The group widely known as the greatest rock-and-roll band in the world has arrived in Jacksonville ahead of its concert Friday night at TIAA Bank Field in Jacksonville.
The Rolling Stones have been the talk of the city all week long. Driving around Jacksonville, you'll see the iconic Rolling Stones lips and tongue printed in chalk all around the city, including one on the parking lot of News4Jax.
A Friday morning social post shows the Stones' plane on the tarmac at Jacksonville International Airport. Where Mick, Keith, Karl, Dick, Ronnie and Charlie are staying is a closely guarded secret.
The band's advance team -- 83 traveling crew members with 25 production trucks -- has been building out the stage in the north end of the stadium since Sunday.
On Thursday morning, when News4Jax got a peek inside the stadium, they were already doing sound checks and testing the giant video screens.
Dale Skjerseth, the Stones' production director, has been with the band for over 20 years. He said there have been months of preparations for this tour and the banks is very involved in the process.
"These guys are fantastic. They come from a working background. This is what they do. They go to work," Skjerseth said. "They love their job. They love their career and they cherish it. What they put on stage to the crowd is what they do give to us."
The gates open at 6 p.m. Friday and The Revivalist will open the show at 7:30 p.m. The Stones are expected to perform dozens of their hits during the band's extended set.
“It’s a great show,” Skjerseth said. “They come out and it doesn’t stop. They perform straight through, two hours and seven minutes.”
STONES FANS: What to know before you go
Not only is their excitement among those planning to attend the concert, Mayor Lenny Curry got into act, signing a proclamation declaring Friday Rolling Stones Day in Jacksonville. Curry said Friday is also his birthday and he'll be celebrating at TIAA Bank Field.
Fans are ready to rock
William Brueck, the owner of Yesterday and Today Records in San Marco, said some fans are spending the whole week in Jacksonville. Brueck said the Tom Coughlin Jay Fund visited the store to purchase some Rolling Stones records, hoping to get them signed by Mick Jagger.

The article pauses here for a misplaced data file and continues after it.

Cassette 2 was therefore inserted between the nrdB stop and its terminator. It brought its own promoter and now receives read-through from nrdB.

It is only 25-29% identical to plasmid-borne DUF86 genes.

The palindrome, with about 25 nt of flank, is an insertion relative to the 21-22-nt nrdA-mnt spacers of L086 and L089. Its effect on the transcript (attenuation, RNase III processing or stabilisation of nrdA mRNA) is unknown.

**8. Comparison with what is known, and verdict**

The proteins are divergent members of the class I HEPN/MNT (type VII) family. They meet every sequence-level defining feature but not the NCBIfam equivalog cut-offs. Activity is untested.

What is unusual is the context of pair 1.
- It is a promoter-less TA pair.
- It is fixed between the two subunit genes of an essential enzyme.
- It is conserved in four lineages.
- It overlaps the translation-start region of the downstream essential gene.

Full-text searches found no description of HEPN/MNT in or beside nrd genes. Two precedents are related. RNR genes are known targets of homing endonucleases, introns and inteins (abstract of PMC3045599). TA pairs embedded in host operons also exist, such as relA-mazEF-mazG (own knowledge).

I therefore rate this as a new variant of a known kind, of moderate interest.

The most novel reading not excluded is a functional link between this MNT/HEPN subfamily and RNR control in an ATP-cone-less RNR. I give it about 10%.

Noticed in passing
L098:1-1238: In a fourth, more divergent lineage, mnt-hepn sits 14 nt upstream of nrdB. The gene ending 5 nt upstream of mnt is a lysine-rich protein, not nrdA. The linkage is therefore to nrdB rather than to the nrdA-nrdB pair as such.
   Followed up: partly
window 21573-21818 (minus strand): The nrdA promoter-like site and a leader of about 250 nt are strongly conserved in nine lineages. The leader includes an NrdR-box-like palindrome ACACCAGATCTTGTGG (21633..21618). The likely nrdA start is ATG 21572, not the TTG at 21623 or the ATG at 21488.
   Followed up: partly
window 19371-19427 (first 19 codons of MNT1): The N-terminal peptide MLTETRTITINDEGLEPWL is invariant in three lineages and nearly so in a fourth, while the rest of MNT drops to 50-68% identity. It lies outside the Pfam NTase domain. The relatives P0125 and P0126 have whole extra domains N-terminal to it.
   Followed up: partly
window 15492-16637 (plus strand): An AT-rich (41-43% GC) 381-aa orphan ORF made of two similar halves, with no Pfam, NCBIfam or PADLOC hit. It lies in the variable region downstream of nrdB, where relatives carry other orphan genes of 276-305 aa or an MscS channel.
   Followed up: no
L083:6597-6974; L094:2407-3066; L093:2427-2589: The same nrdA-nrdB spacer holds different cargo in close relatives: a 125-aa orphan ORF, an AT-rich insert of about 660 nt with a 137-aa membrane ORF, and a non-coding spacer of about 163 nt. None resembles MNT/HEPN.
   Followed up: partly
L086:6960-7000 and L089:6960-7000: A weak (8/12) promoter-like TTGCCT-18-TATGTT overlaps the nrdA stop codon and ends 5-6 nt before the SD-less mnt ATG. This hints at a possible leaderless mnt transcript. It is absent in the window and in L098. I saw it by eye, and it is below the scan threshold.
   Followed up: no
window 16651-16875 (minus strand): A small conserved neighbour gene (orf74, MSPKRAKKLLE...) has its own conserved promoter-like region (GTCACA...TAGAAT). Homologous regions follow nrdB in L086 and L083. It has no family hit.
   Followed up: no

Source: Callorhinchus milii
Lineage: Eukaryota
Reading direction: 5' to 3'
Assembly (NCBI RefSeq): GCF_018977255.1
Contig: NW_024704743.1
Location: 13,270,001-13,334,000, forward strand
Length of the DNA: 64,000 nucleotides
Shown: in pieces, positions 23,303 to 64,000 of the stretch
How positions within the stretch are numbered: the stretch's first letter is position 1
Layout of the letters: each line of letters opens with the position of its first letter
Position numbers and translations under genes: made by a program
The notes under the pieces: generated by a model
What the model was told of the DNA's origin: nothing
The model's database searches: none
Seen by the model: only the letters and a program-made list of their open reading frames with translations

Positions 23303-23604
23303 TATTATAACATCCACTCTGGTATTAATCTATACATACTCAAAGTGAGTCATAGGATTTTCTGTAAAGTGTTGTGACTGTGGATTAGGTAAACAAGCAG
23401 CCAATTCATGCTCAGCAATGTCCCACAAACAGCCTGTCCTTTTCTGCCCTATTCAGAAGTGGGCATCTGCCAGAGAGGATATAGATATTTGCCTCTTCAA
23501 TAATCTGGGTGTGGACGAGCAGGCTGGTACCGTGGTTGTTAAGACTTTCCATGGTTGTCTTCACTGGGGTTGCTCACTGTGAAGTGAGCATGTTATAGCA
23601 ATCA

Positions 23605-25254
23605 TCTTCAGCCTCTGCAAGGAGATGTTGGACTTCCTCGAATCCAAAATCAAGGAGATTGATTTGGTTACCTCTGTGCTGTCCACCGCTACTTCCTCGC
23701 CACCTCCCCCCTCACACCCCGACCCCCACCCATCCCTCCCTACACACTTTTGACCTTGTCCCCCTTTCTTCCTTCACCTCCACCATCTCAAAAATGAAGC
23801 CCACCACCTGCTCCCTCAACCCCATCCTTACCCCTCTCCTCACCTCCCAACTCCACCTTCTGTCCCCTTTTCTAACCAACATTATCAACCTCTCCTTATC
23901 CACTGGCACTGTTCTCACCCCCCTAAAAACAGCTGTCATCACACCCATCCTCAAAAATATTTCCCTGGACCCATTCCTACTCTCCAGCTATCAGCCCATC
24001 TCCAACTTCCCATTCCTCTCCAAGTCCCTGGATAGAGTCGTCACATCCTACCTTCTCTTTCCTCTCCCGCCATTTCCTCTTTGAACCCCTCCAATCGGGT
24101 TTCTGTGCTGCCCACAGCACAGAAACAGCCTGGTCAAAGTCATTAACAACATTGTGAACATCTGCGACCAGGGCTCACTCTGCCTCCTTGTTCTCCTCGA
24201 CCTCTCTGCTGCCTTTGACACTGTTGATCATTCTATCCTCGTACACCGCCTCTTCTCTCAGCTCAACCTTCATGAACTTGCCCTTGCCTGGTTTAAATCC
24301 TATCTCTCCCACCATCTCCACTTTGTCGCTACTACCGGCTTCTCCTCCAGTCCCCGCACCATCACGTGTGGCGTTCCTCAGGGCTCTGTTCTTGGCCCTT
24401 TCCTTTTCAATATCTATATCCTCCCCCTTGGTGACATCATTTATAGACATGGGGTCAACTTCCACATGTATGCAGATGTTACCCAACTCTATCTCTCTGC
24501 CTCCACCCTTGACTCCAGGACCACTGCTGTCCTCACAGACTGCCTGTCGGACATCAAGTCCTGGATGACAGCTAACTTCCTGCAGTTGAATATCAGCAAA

Brueck said the Rolling Stones is a band that attracts all generations like no other.
"Twelve-year-olds to 70-year-olds," Brueck said. "It's amazing. Mick Jagger's a year older than my dad. My dad's not standing up on the stage jumping around like a 16-year-old."
Merchandise trailers were set up outside the stadium Wednesday night. Some fans, like John Roberts, have been stopping by for the past few days.
"I make it a point to come down here and make sure they're doing it right, and if they need any help, they're welcome to call me," Roberts said.
Roberts said the concert will be the ninth time he's seen the Rolling Stones perform.
"The first time I saw them was at the old Gator Bowl here in '75," Roberts said. "It brings back a lot of memories of youth and everything and they just cast a magic. The four of them together makes something individuals can't recreate."
Fans aren't the only people happy the Stones are in town. So are businesses that cater to tourists and those offering lodging food and drink near the stadium.
"July is not typically a super busy month on the weekends, so we would love to have events like this," said Katie Mitura of Visit Jacksonville. "It will be at least a few millions economic impact to the destination."
Mitura said more than 30 requested Rolling Stones decorations to entice their guests.
At the Touchdown Grill in Talleyrand, employees are expecting big crowds.
"(The) more the merrier," Lauren Lagle of Touchdown Grill. "I have a lot of people tailgating and they can’t wait for the party."
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